On a Mission

BY MARC ANDREESSEN

One of the interesting things I have seen, especially in the last 10 years, is that many of the big winners in technology have been what I call “mission-driven” versus “mercenary-driven” companies.

There are a lot of companies that cut corners. There are a lot of companies that have a mercenary outlook, and will dump their idealistic goal to make a business work in the short-term. We steer clear of those. We are looking for the companies who are going to be the big winners because they are going to cause a fundamental change in the world, as opposed to making a short-term grab for revenue or a short-term grab for an acquisition.

These are the founders who come in to the firm and say, “Look, I don’t care whether I make money or not, that’s not my goal. I want to change the world in the following way. I have this mission…” As Steve Jobs used to say, “I want to make a ding in the universe. I want to make beautiful products that people love.” Or Mark Zuckerberg: “I want to make the world more open and connected.” Or Larry Page and Sergey Brin: “I want to index the world’s information.”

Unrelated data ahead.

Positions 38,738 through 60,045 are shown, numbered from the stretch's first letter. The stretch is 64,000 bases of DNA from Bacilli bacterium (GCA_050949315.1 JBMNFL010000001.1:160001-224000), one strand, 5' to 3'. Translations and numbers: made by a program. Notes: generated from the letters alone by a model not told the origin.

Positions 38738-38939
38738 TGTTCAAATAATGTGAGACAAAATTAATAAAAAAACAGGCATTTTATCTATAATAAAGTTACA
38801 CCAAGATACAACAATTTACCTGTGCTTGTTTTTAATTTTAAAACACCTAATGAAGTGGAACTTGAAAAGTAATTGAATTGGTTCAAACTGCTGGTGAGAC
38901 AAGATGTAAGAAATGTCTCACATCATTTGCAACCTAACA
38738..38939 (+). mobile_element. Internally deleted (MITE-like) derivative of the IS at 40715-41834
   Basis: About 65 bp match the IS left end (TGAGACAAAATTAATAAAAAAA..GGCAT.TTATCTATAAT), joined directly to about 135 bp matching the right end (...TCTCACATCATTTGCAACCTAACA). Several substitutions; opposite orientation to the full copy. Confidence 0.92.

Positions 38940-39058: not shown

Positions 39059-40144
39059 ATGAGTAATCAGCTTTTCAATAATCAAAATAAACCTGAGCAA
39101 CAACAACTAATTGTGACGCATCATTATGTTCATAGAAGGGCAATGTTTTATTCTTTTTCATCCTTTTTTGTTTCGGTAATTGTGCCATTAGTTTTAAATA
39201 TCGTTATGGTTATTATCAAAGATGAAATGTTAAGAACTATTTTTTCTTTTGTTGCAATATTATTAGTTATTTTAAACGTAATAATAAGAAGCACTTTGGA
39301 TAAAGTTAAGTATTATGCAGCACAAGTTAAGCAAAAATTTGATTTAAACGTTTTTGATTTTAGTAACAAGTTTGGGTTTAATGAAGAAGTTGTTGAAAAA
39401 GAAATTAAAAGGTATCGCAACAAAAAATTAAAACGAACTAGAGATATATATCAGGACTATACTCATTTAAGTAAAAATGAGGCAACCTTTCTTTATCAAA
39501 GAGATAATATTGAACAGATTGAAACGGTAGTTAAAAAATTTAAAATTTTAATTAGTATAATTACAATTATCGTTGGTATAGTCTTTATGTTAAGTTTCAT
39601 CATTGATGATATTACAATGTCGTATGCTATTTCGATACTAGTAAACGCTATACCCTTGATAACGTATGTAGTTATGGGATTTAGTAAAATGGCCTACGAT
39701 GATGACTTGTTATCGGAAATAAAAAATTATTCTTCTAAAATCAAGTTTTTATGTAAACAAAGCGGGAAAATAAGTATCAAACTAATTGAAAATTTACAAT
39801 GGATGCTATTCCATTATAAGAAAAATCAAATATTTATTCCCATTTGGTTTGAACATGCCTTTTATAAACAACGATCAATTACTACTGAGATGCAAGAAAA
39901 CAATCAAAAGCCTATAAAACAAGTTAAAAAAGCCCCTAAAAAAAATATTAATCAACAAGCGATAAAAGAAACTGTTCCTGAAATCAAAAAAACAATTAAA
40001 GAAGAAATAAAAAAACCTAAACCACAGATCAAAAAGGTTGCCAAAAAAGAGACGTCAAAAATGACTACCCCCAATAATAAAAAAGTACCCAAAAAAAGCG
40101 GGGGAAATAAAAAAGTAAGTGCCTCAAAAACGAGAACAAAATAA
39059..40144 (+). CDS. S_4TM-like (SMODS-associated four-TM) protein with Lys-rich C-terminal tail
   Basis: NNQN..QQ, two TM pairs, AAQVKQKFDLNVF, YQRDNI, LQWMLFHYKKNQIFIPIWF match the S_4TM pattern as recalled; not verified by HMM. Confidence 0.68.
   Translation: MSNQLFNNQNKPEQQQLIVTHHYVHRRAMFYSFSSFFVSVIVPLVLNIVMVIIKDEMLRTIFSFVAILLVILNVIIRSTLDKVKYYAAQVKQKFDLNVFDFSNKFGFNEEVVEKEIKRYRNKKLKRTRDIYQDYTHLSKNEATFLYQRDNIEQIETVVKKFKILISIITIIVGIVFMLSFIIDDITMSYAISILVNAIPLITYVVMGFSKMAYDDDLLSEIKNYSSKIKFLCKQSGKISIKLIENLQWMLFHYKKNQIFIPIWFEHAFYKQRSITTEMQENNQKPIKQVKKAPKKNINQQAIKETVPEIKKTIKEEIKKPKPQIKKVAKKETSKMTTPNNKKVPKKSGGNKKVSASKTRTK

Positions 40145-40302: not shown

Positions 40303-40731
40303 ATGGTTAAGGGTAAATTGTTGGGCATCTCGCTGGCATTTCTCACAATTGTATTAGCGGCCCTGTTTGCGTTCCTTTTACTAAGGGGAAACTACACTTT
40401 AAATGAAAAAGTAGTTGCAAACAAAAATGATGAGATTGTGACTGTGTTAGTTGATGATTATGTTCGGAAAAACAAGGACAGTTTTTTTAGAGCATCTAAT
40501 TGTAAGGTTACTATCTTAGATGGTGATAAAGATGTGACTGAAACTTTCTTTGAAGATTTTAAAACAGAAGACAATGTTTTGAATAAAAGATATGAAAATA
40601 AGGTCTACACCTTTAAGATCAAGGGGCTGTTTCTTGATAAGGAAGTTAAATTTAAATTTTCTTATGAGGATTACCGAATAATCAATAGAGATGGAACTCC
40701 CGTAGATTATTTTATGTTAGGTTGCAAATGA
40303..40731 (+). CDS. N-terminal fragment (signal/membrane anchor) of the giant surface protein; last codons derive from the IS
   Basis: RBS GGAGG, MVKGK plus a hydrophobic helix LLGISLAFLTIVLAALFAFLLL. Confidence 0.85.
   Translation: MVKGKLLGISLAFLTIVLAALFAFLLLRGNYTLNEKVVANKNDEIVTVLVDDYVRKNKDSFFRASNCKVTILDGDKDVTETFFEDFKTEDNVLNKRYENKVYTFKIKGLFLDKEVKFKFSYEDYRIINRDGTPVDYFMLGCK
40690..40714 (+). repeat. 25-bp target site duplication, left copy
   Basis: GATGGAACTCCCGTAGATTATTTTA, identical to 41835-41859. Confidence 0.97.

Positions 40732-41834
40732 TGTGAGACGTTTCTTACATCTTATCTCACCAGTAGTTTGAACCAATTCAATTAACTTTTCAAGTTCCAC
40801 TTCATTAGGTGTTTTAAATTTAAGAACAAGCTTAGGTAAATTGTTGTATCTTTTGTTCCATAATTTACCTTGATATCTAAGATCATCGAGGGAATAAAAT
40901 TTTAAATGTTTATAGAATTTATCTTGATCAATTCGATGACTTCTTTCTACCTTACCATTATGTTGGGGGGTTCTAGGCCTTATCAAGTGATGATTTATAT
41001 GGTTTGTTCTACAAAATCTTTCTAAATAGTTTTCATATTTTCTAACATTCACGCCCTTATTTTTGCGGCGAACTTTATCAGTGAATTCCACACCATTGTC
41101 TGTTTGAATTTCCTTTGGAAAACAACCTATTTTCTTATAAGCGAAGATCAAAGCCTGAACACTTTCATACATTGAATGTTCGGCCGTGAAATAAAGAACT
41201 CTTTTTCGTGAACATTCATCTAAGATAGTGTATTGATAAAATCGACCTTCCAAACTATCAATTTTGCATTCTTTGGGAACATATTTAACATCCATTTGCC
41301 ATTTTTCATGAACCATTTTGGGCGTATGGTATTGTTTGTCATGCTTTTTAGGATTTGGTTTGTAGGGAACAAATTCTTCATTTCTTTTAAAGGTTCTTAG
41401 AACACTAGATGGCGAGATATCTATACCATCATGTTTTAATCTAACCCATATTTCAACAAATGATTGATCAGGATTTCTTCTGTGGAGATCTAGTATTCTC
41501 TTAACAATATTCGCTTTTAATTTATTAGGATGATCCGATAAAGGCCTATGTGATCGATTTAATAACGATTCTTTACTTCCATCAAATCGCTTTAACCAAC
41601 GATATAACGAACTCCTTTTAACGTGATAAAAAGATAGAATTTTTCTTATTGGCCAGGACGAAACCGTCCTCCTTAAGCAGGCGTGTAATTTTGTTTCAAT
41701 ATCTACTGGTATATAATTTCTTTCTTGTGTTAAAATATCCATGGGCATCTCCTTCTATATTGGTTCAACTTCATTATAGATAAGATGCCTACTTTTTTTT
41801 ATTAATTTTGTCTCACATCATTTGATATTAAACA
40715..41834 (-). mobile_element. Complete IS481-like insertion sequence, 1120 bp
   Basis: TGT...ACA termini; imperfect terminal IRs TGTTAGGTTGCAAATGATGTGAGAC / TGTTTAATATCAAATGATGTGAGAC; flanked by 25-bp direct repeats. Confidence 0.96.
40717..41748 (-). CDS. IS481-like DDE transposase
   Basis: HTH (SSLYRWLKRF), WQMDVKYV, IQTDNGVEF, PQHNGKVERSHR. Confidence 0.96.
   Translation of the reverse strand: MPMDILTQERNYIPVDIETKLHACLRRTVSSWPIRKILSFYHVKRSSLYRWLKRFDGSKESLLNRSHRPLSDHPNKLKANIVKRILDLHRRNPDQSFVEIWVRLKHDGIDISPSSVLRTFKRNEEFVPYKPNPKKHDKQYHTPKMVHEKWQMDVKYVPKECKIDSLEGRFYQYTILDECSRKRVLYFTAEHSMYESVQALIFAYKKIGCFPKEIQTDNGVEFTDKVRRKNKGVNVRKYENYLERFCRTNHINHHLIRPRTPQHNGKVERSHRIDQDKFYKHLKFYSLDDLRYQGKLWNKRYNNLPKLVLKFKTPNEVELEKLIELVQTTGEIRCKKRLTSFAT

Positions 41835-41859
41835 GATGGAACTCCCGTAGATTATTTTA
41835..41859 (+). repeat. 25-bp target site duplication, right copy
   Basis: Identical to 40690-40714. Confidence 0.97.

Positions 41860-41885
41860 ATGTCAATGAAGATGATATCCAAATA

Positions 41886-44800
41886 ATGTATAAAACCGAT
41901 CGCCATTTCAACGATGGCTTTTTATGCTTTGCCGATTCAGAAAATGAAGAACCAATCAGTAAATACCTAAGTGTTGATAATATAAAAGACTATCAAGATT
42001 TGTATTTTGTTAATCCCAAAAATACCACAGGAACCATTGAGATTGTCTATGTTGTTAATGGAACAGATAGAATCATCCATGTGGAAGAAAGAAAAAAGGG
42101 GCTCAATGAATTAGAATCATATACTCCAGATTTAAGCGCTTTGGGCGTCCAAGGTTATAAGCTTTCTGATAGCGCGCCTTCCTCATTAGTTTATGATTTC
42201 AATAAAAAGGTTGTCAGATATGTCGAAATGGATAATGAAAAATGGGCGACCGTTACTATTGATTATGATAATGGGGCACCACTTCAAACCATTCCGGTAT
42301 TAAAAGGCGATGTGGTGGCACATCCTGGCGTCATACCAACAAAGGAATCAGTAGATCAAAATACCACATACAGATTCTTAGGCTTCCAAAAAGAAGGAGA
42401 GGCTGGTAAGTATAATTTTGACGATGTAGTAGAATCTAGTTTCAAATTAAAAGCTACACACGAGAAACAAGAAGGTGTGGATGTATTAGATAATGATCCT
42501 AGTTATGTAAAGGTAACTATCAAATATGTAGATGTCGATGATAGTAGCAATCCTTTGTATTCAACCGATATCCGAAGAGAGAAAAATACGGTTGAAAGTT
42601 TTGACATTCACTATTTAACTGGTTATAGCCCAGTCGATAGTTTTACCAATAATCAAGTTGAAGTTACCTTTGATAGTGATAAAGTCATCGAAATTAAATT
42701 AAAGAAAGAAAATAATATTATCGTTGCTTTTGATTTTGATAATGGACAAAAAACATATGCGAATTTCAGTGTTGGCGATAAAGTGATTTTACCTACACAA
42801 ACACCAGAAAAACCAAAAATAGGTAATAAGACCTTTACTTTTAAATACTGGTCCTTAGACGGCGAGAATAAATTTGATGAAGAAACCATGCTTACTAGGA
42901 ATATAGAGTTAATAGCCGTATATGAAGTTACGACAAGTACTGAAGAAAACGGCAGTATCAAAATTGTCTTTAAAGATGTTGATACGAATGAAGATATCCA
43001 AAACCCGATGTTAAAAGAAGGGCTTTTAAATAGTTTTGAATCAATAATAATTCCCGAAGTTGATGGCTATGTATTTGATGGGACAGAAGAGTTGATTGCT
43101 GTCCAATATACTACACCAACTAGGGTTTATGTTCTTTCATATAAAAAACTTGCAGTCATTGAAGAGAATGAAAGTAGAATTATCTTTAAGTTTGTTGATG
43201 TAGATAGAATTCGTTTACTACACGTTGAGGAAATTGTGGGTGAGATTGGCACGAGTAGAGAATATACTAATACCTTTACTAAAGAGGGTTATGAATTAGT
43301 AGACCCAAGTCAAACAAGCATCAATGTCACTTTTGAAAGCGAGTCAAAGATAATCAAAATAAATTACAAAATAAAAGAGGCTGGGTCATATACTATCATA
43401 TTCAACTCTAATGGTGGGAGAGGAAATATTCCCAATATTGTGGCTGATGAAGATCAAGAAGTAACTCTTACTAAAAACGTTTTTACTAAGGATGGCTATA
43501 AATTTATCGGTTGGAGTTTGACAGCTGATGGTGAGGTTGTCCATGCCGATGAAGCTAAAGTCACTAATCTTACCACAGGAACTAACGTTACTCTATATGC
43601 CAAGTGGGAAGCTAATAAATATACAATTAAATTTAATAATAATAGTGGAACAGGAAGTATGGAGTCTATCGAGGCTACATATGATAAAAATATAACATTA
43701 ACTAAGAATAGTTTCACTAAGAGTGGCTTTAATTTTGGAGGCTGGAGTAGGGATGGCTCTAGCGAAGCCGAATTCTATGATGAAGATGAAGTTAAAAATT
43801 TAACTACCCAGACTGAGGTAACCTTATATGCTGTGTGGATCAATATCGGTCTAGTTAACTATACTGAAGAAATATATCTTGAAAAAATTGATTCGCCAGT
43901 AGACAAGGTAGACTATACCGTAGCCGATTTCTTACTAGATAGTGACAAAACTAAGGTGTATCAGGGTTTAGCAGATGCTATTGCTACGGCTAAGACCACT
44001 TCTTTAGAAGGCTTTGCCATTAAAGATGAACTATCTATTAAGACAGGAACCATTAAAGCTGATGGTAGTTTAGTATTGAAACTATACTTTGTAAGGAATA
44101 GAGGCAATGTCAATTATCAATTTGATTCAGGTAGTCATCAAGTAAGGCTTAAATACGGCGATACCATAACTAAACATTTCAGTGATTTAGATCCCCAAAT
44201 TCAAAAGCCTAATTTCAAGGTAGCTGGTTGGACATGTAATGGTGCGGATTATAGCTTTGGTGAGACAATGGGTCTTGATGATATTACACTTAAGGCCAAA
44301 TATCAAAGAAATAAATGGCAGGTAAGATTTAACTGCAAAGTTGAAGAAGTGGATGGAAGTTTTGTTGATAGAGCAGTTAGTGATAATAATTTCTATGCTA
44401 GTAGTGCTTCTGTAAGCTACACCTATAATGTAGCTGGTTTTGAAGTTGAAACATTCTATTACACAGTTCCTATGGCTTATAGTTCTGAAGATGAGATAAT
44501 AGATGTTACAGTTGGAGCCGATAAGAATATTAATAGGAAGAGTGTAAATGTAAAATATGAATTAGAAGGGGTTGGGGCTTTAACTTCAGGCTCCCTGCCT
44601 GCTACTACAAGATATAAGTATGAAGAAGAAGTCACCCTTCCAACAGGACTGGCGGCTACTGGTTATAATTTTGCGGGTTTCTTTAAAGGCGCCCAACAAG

How they will make money is typically not part of the conversation. These companies, and Google is a great example, usually have no business model. There is this vague notion of generating revenue. So you always wonder with your investor hat on, “Am I funding a social mission or am I funding a company? What’s going on here? Will they make compromises so fatal in the direction of pure ideology that they won’t actually ever build a business?”

But the pattern at the moment is the stronger the ideology or mission of the company, the more successful the company. I think a lot of that has to do with recruiting. A lot of the best people in the field don’t want to just work for money.

Let’s say you are founder of a company, and you are competing with 1,000 other founders to hire the smartest people coming out of the best universities. If you go in with a pitch that says, “You are going to make $120,000 a year, come work for us,” that is not as effective as, “You are going to change the world, and oh, by the way, you are going to make $120,000 a year.” So mission-driven companies seem to have a gigantic leg-up in recruiting, and that ripples through to morale and ultimately to retention.

Conversely, the purely mercenary startups we see, they generally don’t go well. They aren’t able to get good people, and don’t end up having a message that can punch through the noise. They don’t tend to go anywhere.

The Machiavellian view on this is if you are the founder you actually want to pretend you have a huge ideological mission, even if you don’t. And I guess you would rather do that, than not have one, but clearly it helps enormously to have a real mission.

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